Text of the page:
By Kevin Yao

BEIJING (Reuters) – China’s economic growth is likely to slow to 5.2% in 2022, before steadying in 2023, a Reuters poll showed, as the central bank steadily ramps up policy easing to ward off a sharper downturn.

The expected 2022 growth would be lower than the 5.5% analysts had forecast in a Reuters poll in October, underlining multiple headwinds facing the world’s second-largest economy due to a property downturn, a crackdown on debt, tougher pollution measures and strict COVID-19 curbs which have hit consumption.

Gross domestic product (GDP) likely expanded by 8.0% in 2021, according to the median forecasts of 62 economists polled by Reuters, slower than an 8.2% rise seen in October’s forecast but still the highest annual growth in a decade.

Analysts attribute the solid 2021 expansion partly to the low base set in 2020, when the economy was jolted by COVID-19, which first emerged in China. The ensuing government lockdowns paralyzed activity across much of the country.

But momentum cooled markedly over the course of last year. GDP in the fourth quarter likely grew 3.6% from a year earlier, which would be the weakest pace since the second quarter of 2020, slowing from 4.9% in July-September, the poll showed.

On a quarterly basis, growth is forecast to rise to 1.1% in the fourth quarter from 0.2% in July-September, the poll showed.

The government is due to release 2021 and Q4 GDP data, along with December activity data, on Jan. 17 (0200 GMT).

Chinese leaders have pledged more support for the slowing economy, which is facing a fresh challenge from the recent local spread of the highly-contagious Omicron variant.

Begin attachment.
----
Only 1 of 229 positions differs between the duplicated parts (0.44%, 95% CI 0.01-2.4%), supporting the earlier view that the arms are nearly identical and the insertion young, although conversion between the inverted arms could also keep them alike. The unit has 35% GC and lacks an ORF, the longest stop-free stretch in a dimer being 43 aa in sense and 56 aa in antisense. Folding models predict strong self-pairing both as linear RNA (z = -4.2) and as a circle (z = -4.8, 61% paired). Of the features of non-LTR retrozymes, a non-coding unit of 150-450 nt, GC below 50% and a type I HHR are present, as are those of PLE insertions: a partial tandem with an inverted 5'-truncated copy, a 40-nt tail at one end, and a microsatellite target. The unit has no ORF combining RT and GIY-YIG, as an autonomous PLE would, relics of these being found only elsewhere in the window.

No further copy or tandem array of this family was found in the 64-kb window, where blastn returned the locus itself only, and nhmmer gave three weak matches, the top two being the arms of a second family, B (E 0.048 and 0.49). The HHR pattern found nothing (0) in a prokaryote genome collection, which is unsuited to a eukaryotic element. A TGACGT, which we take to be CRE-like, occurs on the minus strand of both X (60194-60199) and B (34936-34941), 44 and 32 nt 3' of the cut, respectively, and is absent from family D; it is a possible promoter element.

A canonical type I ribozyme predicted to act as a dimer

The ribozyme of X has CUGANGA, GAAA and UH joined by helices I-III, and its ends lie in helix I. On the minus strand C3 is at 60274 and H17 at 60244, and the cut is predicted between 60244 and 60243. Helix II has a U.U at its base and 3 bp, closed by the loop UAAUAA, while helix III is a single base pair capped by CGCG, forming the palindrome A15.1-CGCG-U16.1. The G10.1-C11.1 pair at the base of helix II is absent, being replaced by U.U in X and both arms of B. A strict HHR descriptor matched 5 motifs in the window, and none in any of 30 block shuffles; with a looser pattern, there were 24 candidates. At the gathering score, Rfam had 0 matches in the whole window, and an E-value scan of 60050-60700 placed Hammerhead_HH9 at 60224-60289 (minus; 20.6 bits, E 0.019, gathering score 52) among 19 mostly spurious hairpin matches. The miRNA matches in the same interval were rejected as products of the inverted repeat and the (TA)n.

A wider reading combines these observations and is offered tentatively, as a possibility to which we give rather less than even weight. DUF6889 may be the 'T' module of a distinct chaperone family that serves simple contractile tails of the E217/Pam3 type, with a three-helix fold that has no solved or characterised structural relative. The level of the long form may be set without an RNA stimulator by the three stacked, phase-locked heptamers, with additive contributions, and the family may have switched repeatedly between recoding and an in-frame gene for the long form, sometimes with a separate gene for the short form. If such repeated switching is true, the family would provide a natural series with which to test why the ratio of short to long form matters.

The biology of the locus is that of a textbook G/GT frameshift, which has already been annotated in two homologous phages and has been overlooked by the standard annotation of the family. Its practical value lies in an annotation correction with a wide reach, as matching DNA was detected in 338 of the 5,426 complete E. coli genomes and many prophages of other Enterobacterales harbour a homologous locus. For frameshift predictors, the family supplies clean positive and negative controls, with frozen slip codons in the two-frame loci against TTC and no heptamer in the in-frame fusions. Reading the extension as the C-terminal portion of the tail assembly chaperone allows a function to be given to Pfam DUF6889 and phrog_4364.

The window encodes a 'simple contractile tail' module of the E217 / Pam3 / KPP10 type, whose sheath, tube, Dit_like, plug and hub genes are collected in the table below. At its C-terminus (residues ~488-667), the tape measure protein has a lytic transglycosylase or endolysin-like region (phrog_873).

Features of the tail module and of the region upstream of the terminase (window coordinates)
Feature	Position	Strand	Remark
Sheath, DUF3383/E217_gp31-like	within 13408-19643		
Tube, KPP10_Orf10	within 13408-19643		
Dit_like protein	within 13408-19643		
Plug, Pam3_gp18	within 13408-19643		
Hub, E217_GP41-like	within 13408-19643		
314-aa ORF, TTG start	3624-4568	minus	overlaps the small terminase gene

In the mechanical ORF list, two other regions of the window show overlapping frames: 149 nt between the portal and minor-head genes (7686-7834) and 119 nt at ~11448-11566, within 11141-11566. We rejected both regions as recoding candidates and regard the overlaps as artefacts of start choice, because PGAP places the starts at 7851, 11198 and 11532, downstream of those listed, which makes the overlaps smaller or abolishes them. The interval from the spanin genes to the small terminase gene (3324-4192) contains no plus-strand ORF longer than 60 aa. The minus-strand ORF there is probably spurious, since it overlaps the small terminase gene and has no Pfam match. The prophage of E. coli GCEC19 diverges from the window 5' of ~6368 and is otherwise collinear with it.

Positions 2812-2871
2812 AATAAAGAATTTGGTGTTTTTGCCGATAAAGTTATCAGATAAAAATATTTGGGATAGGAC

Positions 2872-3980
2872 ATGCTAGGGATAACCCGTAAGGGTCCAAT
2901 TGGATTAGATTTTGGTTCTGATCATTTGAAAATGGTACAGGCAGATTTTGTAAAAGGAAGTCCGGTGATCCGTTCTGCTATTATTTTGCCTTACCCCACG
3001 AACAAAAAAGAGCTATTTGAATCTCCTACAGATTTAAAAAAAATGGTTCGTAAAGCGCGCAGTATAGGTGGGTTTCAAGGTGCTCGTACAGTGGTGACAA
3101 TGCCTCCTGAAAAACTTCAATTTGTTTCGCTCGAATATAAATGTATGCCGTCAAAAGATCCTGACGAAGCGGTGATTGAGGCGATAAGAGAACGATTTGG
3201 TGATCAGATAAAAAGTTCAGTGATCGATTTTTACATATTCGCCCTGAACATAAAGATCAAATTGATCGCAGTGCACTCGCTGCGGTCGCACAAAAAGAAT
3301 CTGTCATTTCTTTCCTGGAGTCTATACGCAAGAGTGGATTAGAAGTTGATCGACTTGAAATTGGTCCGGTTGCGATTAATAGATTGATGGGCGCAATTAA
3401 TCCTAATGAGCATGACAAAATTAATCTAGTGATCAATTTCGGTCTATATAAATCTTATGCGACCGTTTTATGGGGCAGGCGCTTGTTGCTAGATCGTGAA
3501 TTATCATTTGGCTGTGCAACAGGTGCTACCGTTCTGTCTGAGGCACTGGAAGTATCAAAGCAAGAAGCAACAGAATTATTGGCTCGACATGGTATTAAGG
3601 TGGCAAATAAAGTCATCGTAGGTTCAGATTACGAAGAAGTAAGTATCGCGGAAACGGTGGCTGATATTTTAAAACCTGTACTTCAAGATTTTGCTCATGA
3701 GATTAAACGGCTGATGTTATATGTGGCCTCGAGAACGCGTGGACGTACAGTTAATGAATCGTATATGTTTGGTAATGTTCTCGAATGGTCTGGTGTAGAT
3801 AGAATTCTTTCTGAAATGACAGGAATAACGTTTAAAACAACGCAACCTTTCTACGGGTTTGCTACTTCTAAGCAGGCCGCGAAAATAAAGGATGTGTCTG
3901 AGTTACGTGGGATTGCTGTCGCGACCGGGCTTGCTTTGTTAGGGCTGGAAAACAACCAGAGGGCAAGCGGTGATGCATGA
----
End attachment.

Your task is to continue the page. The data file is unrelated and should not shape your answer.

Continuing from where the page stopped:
“To shore up economic activity, we think sufficient policy support will be provided, especially in H1, to ensure that this year’s economic growth does not fall below Beijing’s comfort level,” Tommy Wu at Oxford Economics said in a note.

China’s leaders aim to achieve economic growth of at least 5% in 2022 to keep a lid on unemployment, policy sources said.


With the new year expected to start off on a weak note, the People’s Bank of China (PBOC) is set to unveil more easing steps, though it will likely favour injecting more cash into the economy rather than cutting interest rates too aggressively, policy insiders and economists said.

Last year, policymakers focused on curbing property and debt risks which exacerbated the economic slowdown. But they have sought to fend off a sharper slowdown that could fuel job losses ahead of a key Communist Party Congress late this year.

The PBOC is likely to cut banks’ reserve requirement ratios (RRR) by 50 basis points (bps) in the first quarter of 2022, according to the poll.

Analysts expect the PBOC to cut the one-year loan prime rate (LPR), the benchmark lending rate, by 5 bps in the first quarter, followed by another 5 bps cut in the second quarter.

The PBOC last cut the RRR – the amount of cash that banks must hold as reserves – by a 50 bps on Dec. 15, its second such move last year. That was followed by a 5 bp cut in the one-year loan prime rate (LPR), the benchmark lending rate, on Dec. 20.

Policymakers have also pledged to step up fiscal support for the economy, speeding up local government special bond issuance to spur infrastructure investment and planning more tax cuts.

Consumer inflation will likely pick up to 2.2% in 2022 from 0.9% in 2021, before easing slightly to 2.1% in 2023, the poll showed.

(For other stories from the Reuters global economic poll:)

(Polling by Vivek Mishra and Devayani Sathyan in Bengaluru, Jing Wang in Shanghai; Reporting by Kevin Yao; Editing by Kim Coghill)